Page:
var = eval(include(filename.suf).something(include(otherfile.suf))) + "qwert"; The reason that most AI work is done in the dynamic languages isn't only because Lisp is easier to parse (or Forth would be more popular) and it sure isn't speed. It's because code can copy itself, modify the copy, and then transfer execution to the copy. Even where parsing is a bit difficult (can you say Python) this ability is maintained. This normally means that you need to cart around an interpreter to do the job, but not always. Some Smalltalk dialects can export their meaning as C code, and some dialects of Lisp are directly compileable. Now truthfully, this could also be done with C (assuming decent cooperation from the OS), but it's so difficult that nobody does it. So C, etc., don't get used in the areas that need that kind of flexibility. And Lisp, Python, Ruby, etc. don't get used where speed is needed, though there's a study that "proves" that Lisp code can execute as fast as C code. (I think that what they actually end up comparing is code optimizers, but that's not what they claim to show... and what's wrong with saying "My code can be more highly optimized with automatic tools, so that for a sufficiently complex task it is faster than your code!", but that's not what they said.)
 
...
 
 Okay. I freely admit to being unafraid of ugly constructs, and to having
 been thoroughly warped by using C++. I firmly believe that no matter how
 elegant the language can be, some damn fool is going to use two-space 
 indents, asinine bracketing styles, uncommented state machines implemented
 via numeric literal cases in huge nested switches, or other constructs of
 equal value, and that I'll be forced to maintain their code. C++ is the
 least of my problems this week. :)
 
 -RB
 

problem for me (except when stupid editors convert my tabs into spaces, and won't let me say what columns the tabs are supposed to represent).
Aug 22 2001
parent Russell Bornschlegel <kaleja estarcion.com> writes:
Charles Hixson wrote:
 
 Russell Bornschlegel wrote:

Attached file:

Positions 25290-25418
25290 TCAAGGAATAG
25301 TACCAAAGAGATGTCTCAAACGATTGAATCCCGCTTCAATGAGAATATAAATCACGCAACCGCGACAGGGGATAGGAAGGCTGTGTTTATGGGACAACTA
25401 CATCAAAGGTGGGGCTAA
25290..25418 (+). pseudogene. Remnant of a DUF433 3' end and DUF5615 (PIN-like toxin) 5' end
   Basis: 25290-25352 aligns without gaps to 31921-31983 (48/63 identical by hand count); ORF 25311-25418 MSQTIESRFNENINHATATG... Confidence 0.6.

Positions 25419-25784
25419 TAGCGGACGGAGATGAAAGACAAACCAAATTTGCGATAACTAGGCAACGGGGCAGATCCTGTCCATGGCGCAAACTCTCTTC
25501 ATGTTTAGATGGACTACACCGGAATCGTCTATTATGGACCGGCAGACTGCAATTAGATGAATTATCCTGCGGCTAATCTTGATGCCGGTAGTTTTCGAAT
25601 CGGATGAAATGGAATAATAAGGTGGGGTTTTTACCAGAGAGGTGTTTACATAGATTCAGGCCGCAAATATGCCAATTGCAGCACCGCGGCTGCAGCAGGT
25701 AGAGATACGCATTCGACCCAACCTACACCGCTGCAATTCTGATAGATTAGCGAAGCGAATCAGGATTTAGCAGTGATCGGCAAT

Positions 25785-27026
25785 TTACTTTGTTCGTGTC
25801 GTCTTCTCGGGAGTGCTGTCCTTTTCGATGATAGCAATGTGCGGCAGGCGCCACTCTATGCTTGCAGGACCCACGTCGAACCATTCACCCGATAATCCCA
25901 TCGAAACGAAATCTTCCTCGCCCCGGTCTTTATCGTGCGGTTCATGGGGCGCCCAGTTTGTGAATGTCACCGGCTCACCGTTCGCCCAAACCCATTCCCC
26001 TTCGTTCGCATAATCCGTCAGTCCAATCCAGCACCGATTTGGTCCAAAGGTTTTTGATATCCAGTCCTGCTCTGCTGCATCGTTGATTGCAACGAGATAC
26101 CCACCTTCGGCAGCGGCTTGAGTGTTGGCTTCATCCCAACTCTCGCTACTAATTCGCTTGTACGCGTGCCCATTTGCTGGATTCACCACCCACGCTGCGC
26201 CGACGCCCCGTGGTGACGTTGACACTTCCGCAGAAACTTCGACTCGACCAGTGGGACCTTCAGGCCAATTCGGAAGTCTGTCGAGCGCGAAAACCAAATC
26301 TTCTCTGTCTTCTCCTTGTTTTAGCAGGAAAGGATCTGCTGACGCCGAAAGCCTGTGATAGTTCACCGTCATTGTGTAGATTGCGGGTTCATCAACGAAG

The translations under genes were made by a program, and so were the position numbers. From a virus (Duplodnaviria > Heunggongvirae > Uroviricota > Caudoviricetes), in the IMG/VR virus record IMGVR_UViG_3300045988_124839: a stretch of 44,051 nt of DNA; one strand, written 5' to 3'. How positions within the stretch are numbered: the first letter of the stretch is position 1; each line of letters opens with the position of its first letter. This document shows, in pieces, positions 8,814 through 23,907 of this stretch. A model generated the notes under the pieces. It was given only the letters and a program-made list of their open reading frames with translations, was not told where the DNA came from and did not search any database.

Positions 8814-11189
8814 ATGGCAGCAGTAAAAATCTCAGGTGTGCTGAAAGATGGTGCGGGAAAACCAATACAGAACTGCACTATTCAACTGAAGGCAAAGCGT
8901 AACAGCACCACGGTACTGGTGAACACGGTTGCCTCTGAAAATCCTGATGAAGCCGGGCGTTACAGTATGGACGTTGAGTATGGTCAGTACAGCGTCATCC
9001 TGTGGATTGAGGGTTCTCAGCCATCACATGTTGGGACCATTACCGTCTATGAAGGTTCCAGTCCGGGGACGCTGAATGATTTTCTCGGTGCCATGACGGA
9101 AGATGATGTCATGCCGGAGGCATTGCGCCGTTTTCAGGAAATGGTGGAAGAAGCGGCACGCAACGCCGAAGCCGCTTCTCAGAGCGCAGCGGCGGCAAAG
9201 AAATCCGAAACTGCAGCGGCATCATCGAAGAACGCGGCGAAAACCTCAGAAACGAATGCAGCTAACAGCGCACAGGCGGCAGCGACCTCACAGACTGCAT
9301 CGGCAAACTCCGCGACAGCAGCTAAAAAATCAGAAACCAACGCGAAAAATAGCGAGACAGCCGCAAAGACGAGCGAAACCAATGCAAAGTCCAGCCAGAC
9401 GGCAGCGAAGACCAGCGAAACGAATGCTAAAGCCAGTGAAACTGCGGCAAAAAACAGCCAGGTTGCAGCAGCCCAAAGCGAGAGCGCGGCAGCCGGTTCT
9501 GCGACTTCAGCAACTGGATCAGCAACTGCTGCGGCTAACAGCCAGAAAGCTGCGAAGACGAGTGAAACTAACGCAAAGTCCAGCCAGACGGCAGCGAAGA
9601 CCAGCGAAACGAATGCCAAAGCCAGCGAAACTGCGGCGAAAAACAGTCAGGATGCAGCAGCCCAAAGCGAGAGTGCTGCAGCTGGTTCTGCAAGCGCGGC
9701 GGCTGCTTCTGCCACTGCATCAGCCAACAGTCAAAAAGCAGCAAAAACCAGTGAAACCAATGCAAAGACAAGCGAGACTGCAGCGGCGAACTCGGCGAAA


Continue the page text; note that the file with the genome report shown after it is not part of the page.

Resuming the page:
Frankly, I've never used a dynamically linked language, I don't
 think. Can you give me a short example of a cool thing you can
 do with dynamic linking?

var = eval(include(filename.suf).something(include(otherfile.suf))) + "qwert"; The reason that most AI work is done in the dynamic languages isn't only because Lisp is easier to parse (or Forth would be more popular) and it sure isn't speed. It's because code can copy itself, modify the copy, and then transfer execution to the copy. Even where parsing is a bit difficult (can you say Python) this ability is maintained. This normally means that you need to cart around an interpreter to do the job, but not always. Some Smalltalk dialects can export their meaning as C code, and some dialects of Lisp are directly compileable. Now truthfully, this could also be done with C (assuming decent cooperation from the OS), but it's so difficult that nobody does it. So C, etc., don't get used in the areas that need that kind of flexibility.

Ah, okay, Perl has this also -- I've seen it, seen that it could be cool, but outside of one cookbook use (a Perl program eval'ing a startup/rc file written in Perl) I haven't tried it. Really it's dynamic code- evaluation/dynamic compilation, as much as dynamic linking. I suppose I could invoke a C compiler to build a DLL and then bind the DLL, in C/Win32, but that's probably not really very time-efficient... :) And not really supported by standard C, but with the proper OS support you can build a sequence of native machine code in a buffer and then execute that buffer. High performance 3D applications have been known to do this, for highly critical polygon-pushing paths. Also, blah blah blah security blah blah blah executing arbitrary code from an external file blah blah blah. :) -RB
Aug 22 2001
prev sibling parent Dan Hursh <hursh infonet.isl.net> writes:
Russell Bornschlegel wrote:
 
 Charles Hixson wrote:
 Yes: iterate over the whole collection, performing an arbitrary